Tree identification, global warming, and the democratization of science

When I recently visited Maine a few weeks ago, we went hiking on one of the hotter days so far this year.  In the direct sunlight it was hard to remember that this is an area known for long winters and moose sightings.  It could just be chance, or it could be another sign that the globe is warming, that the climate is destabilizing, or that seasonal change is less gentle.  It seems that even the trees are starting to feel the changes.  Seeing Boston in the fall has never really been as beautiful as I’ve supposed it to be – it feels like the leaf-peepers have to trek further every year to really see the good stuff.  But what really struck me was the tree we couldn’t identify on our hike.

I’m not an expert at tree identification.  I can generally tell a few main species apart.  I know what an oak leaf is like, or a maple.  I know a sycamore or a birch by the bark.  The distinctive leaf-shapes of ginko, tulip, and sassafras are markers to me for certain trees.  But there are many, many trees I would not be able to identify easily.  But others on my hike were more expert, and also stumped.  The tree – ostensibly a type of pine – had a very red, very smooth bark.  It flaked from the tree in oblongs and ovals, giving the impression of  so much water-worn rock.  In short, it was beautiful.  More frustrating for the purposes of identification, the tree was very tall.  We could not make out any specifics of the needles or the pine cones, other than establishing both were present, somewhere far above.  Samples from the ground were hopelessly mixed with surrounding pines.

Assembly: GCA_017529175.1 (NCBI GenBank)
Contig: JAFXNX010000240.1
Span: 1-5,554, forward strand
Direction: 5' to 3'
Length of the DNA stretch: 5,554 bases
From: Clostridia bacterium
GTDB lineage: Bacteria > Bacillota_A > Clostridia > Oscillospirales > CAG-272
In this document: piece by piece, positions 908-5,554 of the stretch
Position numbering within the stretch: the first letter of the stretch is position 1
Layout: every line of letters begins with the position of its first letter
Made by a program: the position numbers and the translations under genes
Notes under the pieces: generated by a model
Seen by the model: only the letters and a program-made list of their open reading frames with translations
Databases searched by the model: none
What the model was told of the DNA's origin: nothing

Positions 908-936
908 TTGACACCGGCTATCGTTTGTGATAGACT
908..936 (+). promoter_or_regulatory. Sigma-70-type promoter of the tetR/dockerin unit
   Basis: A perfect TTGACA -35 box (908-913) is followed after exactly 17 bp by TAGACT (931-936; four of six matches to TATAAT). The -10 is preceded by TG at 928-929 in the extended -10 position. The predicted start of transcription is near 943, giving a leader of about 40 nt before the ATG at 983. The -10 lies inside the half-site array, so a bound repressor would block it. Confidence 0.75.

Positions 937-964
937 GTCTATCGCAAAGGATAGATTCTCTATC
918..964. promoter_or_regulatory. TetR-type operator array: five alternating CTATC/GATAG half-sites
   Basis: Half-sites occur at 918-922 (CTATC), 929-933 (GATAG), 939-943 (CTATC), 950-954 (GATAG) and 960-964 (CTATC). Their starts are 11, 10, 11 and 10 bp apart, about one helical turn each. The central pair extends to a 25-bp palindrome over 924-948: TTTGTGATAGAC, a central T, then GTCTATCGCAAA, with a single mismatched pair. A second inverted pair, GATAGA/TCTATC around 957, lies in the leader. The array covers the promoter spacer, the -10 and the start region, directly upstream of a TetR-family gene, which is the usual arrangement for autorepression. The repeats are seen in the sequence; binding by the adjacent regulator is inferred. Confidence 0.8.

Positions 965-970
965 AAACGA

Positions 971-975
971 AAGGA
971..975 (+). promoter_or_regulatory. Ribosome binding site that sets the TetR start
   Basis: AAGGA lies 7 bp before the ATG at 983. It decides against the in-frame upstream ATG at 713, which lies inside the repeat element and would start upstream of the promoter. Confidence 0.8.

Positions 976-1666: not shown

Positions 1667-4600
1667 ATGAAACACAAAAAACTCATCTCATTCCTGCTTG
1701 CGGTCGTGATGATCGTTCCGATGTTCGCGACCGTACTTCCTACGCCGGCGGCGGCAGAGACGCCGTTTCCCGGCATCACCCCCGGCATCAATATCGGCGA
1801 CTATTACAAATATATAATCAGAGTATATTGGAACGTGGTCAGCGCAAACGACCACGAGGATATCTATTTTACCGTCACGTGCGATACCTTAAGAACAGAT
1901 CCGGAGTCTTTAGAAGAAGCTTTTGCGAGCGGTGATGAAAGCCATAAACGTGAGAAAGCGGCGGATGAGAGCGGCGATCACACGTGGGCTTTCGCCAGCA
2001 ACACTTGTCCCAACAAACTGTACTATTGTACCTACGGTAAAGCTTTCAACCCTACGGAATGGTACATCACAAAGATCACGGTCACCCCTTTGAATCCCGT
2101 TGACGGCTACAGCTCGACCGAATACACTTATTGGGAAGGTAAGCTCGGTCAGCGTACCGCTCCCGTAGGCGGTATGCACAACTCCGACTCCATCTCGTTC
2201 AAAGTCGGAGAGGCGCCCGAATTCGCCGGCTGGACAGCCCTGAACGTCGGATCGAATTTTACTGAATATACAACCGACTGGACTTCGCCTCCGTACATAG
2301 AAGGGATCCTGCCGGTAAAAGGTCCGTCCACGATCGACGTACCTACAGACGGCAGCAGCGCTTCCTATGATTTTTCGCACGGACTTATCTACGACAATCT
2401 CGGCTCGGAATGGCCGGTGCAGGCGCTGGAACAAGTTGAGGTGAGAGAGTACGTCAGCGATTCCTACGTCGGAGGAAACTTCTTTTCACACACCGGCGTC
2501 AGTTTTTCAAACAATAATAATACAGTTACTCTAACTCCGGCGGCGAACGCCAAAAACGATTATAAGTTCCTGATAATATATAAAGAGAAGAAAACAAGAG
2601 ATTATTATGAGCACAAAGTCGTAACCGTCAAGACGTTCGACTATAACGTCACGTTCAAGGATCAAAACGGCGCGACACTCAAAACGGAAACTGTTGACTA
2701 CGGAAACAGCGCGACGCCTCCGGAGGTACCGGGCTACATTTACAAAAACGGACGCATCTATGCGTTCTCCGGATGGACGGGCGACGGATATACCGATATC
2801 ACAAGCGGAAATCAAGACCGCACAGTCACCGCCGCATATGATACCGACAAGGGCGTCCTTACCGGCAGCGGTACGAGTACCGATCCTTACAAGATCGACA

After much internet browsing, and with the added notation that the branches seemed to end in round ‘puffs’ of long needles, we tentatively identified the plant as a longleaf pine.  Of course, this plant is supposed to be mostly contained in the southeastern U.S., so if our identification is correct, it begs the question of climate change in the area.  Is this particular tree just an outlier of its species, or has the climate changed enough that a tree native to the Carolinas and Florida now flourishes better in Maine?  Food for thought.

Perhaps with new common technologies and increases in citizen science, tree identification will be something we all do in our spare time.  Perhaps we’ll have instant identification, or all be a part of tracking the spread or decline of a species.  Perhaps one day we’ll know the exact number of toads in a mile radius, and be eager about monitoring that status daily.  Perhaps we’ll all be eager about the birth of sea turtles or robins, and watch them live, as they happen.  Or perhaps the more we expand the possibilities, the less interested we’ll become in our local world.  For now, it remains a choice.

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